What restrictions are necessary during the healing of a forearm fracture?
The same restrictions apply whether treating an adult or a kid who has a fractured forearm:
- no lifting
- no weight bearing or pushing with the arm
- keep fingers moving
- light activities like writing and playing video games are fine
Sometimes the most frustrating part of recovery involves dealing with the cast – keeping it clean, dry, and comfortable.
How long is the recovery time from a forearm fracture?
Healing time depends on the severity of the forearm fracture. Fractures in children generally heal in 6 weeks.
The younger the child, the faster the bones heal. Past 4 years old, the process takes a full six weeks.
Declaring a fracture healed is a combination of
- healing on the xray
- lack of pain when the doctor pushes on the arm
After the bone has healed, the arm will be stiff for several days. This usually goes away with time without any physical therapy.
A ganglion cyst is simply a fluid-filled sac. It can be visible from the outside or buried deep underneath the skin.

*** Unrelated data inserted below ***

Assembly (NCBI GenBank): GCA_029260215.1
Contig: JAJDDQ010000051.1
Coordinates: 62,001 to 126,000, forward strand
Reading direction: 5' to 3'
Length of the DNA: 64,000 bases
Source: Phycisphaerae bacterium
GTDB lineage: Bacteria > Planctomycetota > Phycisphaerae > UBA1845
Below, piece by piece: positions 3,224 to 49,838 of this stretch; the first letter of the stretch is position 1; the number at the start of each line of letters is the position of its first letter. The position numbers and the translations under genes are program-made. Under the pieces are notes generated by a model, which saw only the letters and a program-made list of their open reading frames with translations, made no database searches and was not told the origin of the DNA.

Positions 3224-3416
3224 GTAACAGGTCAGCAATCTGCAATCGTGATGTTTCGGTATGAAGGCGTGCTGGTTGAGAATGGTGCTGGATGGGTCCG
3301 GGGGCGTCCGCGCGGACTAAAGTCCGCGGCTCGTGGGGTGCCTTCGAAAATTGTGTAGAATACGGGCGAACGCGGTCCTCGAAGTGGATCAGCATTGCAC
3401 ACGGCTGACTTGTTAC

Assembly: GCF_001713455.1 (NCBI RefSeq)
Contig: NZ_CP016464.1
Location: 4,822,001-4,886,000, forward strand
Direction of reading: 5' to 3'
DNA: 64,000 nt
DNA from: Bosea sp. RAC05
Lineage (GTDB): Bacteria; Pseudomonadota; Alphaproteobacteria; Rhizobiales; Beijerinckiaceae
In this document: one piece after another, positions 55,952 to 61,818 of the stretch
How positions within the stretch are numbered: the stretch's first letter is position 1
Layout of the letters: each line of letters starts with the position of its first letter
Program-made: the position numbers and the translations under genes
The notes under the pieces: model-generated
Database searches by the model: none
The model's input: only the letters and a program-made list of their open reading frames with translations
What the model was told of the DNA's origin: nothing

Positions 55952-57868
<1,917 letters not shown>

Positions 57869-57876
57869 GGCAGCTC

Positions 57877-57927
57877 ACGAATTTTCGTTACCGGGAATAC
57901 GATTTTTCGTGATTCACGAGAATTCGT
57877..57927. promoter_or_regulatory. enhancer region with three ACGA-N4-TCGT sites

Sometimes it causes symptoms like soreness and pain; other times patients have no idea it’s there.
What is a mucous cyst?
Ganglion cysts in the finger are often called “mucous cysts”, because of the mucous-like, or jelly-like clear fluid inside them.
These cysts are filled with joint fluid that has partially thickened. The jelly looks a lot like hair gel when it squishes out of the cyst in surgery!
The most common location for these is in the middle finger. They usually don’t happen in patients younger than 45 or 50 years old.
This type of arthritis is more common in women than men, and usually doesn’t happen before age 40. Fractures and other trauma to the thumb joint may put you at risk for developing arthritis in the future.
What’s inside the cyst?
The fluid inside the cyst is joint fluid. Every joint produces this fluid normally. In arthritis, the worn-out joint produces more fluid than usual. The fluid builds up and eventually forces its way through the joint lining and through the tendon fibers on top of the finger. This forms a cyst that you can see underneath the skin.
Sometimes the skin has a normal thickness, and you just see the bulge of the cyst below the skin.
Other times the cyst puts so much pressure on the skin that the skin thins out and becomes translucent – you can almost see through the skin at that point!
These cysts can be tiny or huge – they can have a single chamber, or multiple lobes and chambers.
Where do mucous cysts come from?
The cysts almost always come from a mildly arthritic joint. In other words, the joint may not be worn out enough to be painful, like most people think arthritis would be. But the joint is worn out enough to make more fluid than normal.